A Chinglishman learns new language lessons
I used to think, before coming to work in China from Britain, that I would have a hard time coming to grips with the Chinese language. Not only were the sounds so very different to anything I was used to in Europe, but one had to account for the different tones too, not to mention the fact that the language was written in ideograms.What I certainly had not been expecting, however, was having to relearn - or at least rethink - the English language that I had grown up with and which, in my ignorance, I had assumed I was pretty familiar with.
The problem arises from the fact that the majority of Chinese people who studied "my" language have actually learned American-style English from teachers with American accents. And so it is hardly surprising that they speak like a "Yank" and have difficulty understanding the Queen's English.
As if that isn't bad enough, I find myself practically every day learning new "English" words and expressions, thanks to my Chinese work colleagues who are surprised to find I don't understand some of the expressions they regard as normal.
Things aren't made any easier when I am left wondering whether a passage in English has been translated from its original Chinese using Google (or some other computer-generated translation) rather than using a new Americanism I have not yet come across.
In fact, this reliance on technology may well be one of the main reasons that "Chinglish" is alive and flourishing in China. Chinglish is a charming fusion of English and Chinese that reflects the inventiveness that results when two different languages collide.
It is widely found on public notices in parks and at tourist sites, on menus, at airports, on street signs and even in official tourist literature. Many of the best examples of Chinglish are simply delightful and the "language" has attracted a cult following, with a Facebook group, Flickr pages and even books and websites dedicated to the subject. The "Save Chinglish" Facebook group has attracted more than 8,000 members and more than 2,500 Chinglish examples, while members of the Flickr group - The Chinglish Pool - have contributed more than 3,000 photographs.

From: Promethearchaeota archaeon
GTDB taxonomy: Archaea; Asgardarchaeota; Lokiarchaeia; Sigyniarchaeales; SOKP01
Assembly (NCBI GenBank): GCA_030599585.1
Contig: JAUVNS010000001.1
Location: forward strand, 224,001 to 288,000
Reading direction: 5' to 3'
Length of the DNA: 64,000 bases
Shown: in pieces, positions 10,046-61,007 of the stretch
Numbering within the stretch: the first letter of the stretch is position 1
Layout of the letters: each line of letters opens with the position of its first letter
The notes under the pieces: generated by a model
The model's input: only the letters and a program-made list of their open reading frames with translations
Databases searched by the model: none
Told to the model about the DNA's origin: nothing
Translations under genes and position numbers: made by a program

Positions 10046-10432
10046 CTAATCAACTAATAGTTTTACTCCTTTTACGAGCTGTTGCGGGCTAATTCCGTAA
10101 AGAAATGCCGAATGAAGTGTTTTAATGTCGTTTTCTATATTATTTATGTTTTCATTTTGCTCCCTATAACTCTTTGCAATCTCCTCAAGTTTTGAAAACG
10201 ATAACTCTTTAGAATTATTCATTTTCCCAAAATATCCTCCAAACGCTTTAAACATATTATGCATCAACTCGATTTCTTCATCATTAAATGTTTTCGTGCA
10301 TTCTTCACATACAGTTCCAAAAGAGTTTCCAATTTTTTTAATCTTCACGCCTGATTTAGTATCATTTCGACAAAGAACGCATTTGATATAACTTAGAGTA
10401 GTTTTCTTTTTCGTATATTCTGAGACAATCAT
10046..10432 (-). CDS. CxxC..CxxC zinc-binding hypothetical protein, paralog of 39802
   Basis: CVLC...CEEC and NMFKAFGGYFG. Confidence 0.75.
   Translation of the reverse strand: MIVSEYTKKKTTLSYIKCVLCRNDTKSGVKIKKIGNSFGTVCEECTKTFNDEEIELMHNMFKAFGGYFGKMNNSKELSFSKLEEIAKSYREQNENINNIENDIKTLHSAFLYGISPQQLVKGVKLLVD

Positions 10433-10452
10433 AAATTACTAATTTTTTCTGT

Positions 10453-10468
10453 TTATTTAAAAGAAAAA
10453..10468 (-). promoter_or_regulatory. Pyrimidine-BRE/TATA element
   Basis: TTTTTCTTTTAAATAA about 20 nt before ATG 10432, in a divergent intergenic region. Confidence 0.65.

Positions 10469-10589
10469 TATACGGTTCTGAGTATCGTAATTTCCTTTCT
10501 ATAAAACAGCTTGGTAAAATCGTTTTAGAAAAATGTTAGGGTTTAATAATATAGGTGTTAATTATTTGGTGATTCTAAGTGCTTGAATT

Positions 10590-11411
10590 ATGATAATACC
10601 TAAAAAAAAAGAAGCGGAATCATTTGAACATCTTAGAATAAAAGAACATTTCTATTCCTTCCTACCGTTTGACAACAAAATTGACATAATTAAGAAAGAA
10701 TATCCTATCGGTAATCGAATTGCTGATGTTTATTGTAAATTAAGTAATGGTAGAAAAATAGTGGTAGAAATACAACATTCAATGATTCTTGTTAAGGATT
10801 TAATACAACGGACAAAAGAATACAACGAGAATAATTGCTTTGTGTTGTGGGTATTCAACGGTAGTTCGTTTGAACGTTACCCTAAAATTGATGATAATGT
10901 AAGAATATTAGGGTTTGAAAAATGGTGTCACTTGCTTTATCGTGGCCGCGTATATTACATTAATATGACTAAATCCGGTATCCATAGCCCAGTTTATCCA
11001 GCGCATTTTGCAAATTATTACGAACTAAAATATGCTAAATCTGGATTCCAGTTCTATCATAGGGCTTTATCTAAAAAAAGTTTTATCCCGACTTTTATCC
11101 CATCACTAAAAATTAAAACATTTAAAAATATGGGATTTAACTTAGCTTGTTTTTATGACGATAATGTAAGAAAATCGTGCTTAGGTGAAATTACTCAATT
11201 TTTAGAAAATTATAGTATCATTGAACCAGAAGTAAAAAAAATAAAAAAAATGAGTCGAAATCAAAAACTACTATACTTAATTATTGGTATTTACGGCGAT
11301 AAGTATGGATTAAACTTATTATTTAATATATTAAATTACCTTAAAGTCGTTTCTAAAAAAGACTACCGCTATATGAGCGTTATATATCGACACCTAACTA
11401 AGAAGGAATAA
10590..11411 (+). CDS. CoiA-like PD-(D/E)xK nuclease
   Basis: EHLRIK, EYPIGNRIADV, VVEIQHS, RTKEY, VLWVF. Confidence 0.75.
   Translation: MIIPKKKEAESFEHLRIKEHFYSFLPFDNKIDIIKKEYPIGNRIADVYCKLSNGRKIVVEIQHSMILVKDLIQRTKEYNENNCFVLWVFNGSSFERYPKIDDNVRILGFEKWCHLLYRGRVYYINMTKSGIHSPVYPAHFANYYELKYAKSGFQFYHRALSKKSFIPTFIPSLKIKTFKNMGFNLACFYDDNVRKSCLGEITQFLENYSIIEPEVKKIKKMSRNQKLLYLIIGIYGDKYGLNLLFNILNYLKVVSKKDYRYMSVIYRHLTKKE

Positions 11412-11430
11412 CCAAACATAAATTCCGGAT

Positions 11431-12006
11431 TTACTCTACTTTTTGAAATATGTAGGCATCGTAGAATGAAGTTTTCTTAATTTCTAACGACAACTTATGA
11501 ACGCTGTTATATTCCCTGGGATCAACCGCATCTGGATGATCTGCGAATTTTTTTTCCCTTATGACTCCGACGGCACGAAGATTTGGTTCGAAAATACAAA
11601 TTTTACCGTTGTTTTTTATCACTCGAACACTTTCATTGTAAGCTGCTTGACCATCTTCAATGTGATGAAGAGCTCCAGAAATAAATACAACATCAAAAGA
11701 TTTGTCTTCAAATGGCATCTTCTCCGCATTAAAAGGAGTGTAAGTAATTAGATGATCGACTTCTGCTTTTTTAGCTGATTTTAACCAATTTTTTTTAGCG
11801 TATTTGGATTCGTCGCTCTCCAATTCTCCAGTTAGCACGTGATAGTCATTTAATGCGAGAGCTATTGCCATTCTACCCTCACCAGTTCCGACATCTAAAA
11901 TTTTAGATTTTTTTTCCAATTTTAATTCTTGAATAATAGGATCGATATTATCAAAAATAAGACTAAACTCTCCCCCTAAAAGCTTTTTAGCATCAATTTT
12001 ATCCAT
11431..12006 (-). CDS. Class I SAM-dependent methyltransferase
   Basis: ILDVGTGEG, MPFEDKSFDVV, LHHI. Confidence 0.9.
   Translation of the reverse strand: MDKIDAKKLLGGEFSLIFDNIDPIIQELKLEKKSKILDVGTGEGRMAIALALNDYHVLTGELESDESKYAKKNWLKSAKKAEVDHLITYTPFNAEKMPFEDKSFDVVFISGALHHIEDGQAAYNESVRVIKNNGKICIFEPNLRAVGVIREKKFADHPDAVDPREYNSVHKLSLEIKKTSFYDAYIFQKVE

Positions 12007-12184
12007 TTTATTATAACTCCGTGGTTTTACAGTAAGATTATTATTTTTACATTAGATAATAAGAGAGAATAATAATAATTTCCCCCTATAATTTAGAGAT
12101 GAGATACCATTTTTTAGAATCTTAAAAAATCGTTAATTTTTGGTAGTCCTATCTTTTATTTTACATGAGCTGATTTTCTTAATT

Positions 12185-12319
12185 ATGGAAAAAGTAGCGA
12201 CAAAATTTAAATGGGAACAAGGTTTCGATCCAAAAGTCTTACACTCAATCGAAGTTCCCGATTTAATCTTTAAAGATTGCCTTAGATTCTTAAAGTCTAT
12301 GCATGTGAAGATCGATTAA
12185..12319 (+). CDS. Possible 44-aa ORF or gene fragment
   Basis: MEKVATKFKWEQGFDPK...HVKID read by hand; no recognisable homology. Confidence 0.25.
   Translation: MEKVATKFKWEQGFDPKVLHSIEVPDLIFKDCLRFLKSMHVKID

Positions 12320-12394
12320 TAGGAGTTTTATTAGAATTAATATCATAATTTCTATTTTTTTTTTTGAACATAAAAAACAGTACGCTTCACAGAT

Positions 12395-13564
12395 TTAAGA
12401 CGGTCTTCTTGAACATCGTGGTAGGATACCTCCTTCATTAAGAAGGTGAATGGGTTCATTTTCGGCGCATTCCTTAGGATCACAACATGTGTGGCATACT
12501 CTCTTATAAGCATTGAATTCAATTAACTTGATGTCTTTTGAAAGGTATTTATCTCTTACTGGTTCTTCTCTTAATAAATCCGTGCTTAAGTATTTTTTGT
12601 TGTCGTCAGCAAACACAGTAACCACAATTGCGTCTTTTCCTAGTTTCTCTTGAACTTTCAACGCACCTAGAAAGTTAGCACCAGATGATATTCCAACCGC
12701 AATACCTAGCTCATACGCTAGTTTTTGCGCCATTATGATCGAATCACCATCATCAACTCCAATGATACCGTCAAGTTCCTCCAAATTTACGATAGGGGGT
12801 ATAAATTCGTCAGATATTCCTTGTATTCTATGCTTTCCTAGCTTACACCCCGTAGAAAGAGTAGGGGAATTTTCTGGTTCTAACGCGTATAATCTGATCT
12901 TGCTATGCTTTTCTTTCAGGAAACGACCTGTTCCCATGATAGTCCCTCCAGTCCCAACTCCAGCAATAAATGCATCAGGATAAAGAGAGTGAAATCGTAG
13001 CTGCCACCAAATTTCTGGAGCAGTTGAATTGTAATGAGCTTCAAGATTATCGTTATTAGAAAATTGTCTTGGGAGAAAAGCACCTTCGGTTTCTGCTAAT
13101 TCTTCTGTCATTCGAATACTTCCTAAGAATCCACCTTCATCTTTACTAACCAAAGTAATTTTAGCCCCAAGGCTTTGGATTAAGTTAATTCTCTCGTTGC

These outpourings reflect a genuine affection for Chinglish. The beauty of the Chinese language is reflected in the construction of sentences that in English would have no beauty incorporated into them at all. The end result reflects a charm that would be difficult for any Westerner to make up himself.
Examples are numerous. "To take notice of safe: The slippery are very crafty" reads one notice, instead of "Be careful, slippery road".
On a Chinese plane, someone reported that they were given a wet-wipe labelled "Wet turban needless wash" (instead of "wash-free moist towel").
A Beijing ice-cream shop proudly displays its "three testes ice-cream" - an unfortunate corruption of "three tastes" ice-cream, which would normally be called "Neapolitan" in the West.
My local supermarket displays a notice above an aisle with the word "Bumpf" written on it. Bumpf is actually a shortened form of the slang term "bumfodder", meaning toilet paper, which is not used in polite society in the UK, although its other meaning - "useless documents" - is perfectly acceptable. But it is perfectly clear to me where I need to go to find a packet of loo paper. ("Loo", by the way, is one of those English terms that Americans laugh at us about. It comes from an expression used in the Middle Ages: "Garde de l'eau", shouted when the contents of a nighttime bedpan were literally thrown out the window in the morning!)
England and America may well be "two countries separated by a common language", but with 400 million native English speakers in North America and Europe, and probably a further 400 million Chinglish speakers in China, one wonders what international English is going to look and sound like in 50 years' time!